Seatrade Maritime is part of the Informa Markets Division of Informa PLC

This site is operated by a business or businesses owned by Informa PLC and all copyright resides with them. Informa PLC's registered office is 5 Howick Place, London SW1P 1WG. Registered in England and Wales. Number 8860726.

Two ships to load grain in Ukraine port of Chernomorsk

Photo: Ukrianian Sea Ports Authority - Facebook page Bulker Aroyat in Ukraine
Two vessels arrived in the Ukrainian port of Chernomorsk on Saturday and are set to load up to 20,000 tonnes of grain for export to Africa and Asia in what has been described as a reincarnation of the defunct Grain Deal.

According to the Ukrainian Sea Ports Authority the 3,300 dwt general cargo vessel Resilient Africa and the 18,300 dwt bulk carrier Aroyat, both Palau flagged, docked at the Black Sea port on Saturday.

Reuters reported that Ukraine’s Deputy Prime Minister Oleksandr Kubrakov had confirmed that the ships are due to load almost 20,000 tonnes of wheat for Africa and Asia.

They are the first two vessels to arrive at a Ukrainian port since Russia withdrew from the Black Sea Grain agreement, which allowed ships safe passage for the transportation of grain.

Russian Defence Ministry statements suggest that vessels using Ukraine’s unilaterally declared Humanitarian Corridor could be considered legitimate targets.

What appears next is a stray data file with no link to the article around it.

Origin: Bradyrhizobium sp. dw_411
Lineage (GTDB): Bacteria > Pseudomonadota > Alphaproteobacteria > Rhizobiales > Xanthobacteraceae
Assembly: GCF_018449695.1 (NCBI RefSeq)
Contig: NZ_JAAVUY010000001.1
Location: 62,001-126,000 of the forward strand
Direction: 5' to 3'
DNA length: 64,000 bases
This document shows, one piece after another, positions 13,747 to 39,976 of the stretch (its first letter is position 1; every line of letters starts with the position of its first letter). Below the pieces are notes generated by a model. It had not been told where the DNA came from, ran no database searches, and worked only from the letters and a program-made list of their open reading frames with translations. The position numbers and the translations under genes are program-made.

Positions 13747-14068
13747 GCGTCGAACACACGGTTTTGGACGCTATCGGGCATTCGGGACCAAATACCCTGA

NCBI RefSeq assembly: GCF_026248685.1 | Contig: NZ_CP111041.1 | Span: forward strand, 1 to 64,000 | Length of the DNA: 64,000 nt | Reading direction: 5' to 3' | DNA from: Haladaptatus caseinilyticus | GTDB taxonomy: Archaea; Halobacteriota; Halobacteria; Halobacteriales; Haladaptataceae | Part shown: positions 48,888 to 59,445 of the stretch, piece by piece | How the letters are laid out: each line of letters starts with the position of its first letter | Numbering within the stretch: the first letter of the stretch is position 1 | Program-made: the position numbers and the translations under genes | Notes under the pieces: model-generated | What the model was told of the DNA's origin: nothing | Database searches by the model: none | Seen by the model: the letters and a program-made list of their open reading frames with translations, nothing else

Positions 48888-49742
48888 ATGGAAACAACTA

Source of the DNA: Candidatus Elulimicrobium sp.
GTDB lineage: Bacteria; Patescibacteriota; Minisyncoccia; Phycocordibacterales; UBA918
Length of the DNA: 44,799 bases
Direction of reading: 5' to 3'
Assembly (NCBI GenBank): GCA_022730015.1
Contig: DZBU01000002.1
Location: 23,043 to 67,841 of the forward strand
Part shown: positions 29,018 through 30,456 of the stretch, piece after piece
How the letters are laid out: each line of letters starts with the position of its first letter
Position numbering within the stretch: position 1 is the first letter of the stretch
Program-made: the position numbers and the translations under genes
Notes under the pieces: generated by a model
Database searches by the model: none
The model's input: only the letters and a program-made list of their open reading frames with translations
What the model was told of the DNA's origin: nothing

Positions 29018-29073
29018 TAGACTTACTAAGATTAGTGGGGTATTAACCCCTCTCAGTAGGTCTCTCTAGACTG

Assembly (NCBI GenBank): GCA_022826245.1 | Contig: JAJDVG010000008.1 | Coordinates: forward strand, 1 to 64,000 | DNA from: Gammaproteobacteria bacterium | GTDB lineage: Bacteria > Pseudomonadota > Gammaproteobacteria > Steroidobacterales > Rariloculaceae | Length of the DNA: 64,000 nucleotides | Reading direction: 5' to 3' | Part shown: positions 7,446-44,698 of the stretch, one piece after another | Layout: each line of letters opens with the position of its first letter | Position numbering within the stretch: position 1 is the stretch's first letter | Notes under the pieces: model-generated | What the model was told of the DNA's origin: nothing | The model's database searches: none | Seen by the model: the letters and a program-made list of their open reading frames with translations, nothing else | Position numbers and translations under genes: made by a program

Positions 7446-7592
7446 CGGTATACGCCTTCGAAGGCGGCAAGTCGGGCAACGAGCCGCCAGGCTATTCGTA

According to Daniil Melnychenko, an analyst at the Odessa based transport consultancy, Informall, the arrival of the vessels proves, “That there is a safe passage for vessels arriving to the ports of big Odessa and there is no need in Russia to control and/or inspect these voyages.“

Melnychenko added: “It might be a reincarnation of a Grain Deal in a new format however, we should wait and see what happens to these vessels when they will be leaving the Black Sea; whether they will be suspended and inspected in the Bosphorus channel in Turkey as they used to be or if they will be treated like any other regular voyage and proceed through the channel without interruptions.”

Ukraine is literally testing the waters, in an effort to restart grain exports through the Humanitarian Corridor, which runs from Ukraine’s Black Sea ports along the coasts of Romania and Bulgaria to the Bosphorus Channel.

An unnamed UN source told Reuters: “While the UN is not involved in the movement of those vessels, we welcome all efforts for the resumption of normal trade, especially of vital food commodities that help supply and stabilize global food markets.”

“We continue our efforts to facilitate exports for agricultural products from both Ukraine and the Russian Federation,” he added.

TAGS: Ports Europe